Who is the corrupt Karzai Clan trying to fool? The Taliban certainly is not going to allow the Karzai Clan's continued Opium-Heroin business to thrive. What the Karzai Clan has been accused of doing even before the CIA handpicked the elder Karzai to become the President of Afghanistan, would result in the death penalty in all Islamic ruled country's. Even Karzai's own brother refers to him as the Taliban's banker and major money source during the Russian occupation of Afghanistan.
    The control of Marjah is falling apart everyday now, the gains by the American soldiers lives disappearing and being replaced once again by the Taliban. General McChyrstal's shake and bake cookie cutter strategy has moved on to Kandhar, while it is obvious the strategy that is a clone of that used in Marjah is deeply flawed.

    June 5, 2010 at 12:16 am | Report abuse |
  11. PatrickUSA

    We need to stay in Afghanistan until the job is done, like we did in Korea. That government was corrupt and the military demoralized and beaten. Now it is a strong democracy with a well trained military. Our plan to leave next year has caused Karzai, and the Pakistani's, to plan ahead which means finding some accomodation with the Taliban. If we make clear to all parties that we are here to stay, then we can expect Afghanistand and Pakistan to stop tolerating and smoozing with the Taliban and set about getting rid of them, and for the Taliban to do some serious thinking about how much they want to continue this fight. The U.S. has a bad history of getting countries and groups to stand up and fight our enemies, then changing our minds, cutting our losses, and running, leaving them to whatever end they can work out for themselves (Lebanon, Somalia, Iraq and Kurdistan after Kuwait). United States citizens think it is O.K. to whip up a fight over something that is important to us, then when the going gets tough to abandon those that we have persuaded to join us. Now we are repeating that behavior and expecting the leaders of Pakistan and Afghanistan to press the fight while we make our plans to leave. They may be ignorant, but they are not stupid. As for Karzai, he is a sleezebag, but he's our sleezebag. He has spent his life jumping from one group to another, each time coming out on the winning side. If we want him to get tough, the first thing we need to do is let him know that we are here to stay and to win.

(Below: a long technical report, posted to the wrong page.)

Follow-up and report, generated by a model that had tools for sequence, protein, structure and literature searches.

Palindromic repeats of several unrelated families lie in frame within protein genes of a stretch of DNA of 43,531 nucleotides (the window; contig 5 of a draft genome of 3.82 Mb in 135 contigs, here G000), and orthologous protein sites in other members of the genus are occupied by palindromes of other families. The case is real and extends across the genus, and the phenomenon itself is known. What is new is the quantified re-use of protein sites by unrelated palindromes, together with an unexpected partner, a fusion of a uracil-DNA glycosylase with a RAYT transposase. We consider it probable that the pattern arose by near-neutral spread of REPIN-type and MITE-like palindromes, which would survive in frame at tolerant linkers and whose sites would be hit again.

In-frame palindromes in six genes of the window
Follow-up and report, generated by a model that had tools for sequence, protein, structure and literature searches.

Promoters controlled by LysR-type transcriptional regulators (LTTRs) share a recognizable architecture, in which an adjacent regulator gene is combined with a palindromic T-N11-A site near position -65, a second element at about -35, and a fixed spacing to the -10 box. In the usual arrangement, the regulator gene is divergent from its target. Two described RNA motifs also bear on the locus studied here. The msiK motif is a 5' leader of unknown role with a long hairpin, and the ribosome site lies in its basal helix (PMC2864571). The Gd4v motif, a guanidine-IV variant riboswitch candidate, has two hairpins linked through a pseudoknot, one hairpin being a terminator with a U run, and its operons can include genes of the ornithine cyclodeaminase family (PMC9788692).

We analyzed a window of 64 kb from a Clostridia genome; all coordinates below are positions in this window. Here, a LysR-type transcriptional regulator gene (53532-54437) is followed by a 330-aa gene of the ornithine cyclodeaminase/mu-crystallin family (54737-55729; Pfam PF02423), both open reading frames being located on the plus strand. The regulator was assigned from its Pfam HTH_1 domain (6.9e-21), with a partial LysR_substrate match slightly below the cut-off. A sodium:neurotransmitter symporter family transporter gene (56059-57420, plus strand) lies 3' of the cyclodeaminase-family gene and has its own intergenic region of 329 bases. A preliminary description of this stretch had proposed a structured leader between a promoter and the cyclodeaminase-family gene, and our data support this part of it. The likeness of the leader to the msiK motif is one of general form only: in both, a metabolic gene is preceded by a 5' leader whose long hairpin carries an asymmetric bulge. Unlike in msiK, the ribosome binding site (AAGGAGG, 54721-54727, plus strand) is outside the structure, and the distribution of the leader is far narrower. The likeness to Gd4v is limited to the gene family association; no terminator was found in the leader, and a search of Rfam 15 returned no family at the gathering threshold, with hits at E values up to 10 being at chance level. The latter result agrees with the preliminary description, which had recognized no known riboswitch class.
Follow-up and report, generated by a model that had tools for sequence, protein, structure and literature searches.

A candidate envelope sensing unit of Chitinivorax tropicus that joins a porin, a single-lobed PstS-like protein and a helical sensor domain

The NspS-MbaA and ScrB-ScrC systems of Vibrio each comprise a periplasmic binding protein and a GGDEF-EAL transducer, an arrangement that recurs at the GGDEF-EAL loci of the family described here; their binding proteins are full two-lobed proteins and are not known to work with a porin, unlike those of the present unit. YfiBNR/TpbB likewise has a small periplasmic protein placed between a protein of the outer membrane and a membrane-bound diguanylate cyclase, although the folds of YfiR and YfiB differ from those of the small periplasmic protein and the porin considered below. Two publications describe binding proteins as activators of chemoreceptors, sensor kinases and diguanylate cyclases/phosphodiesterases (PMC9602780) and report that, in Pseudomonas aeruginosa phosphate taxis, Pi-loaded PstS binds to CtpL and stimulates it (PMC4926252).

June 4, 2010 at 9:59 pm | Report abuse |
  12. ShareFacts

    I would recommend everyone to read an article by Eric Margolis,


    June 4, 2010 at 6:57 pm | Report abuse |
  13. ShareFacts

    I recalled saying by Eric Margolis,

    Quote= "Good presidents, like good generals, know when to retreat"

    June 4, 2010 at 6:47 pm | Report abuse |
  14. OMMS

    Above mentioned top 16 recommendations by the JIRGA will not be accepted by Taliban because it does not include what they want,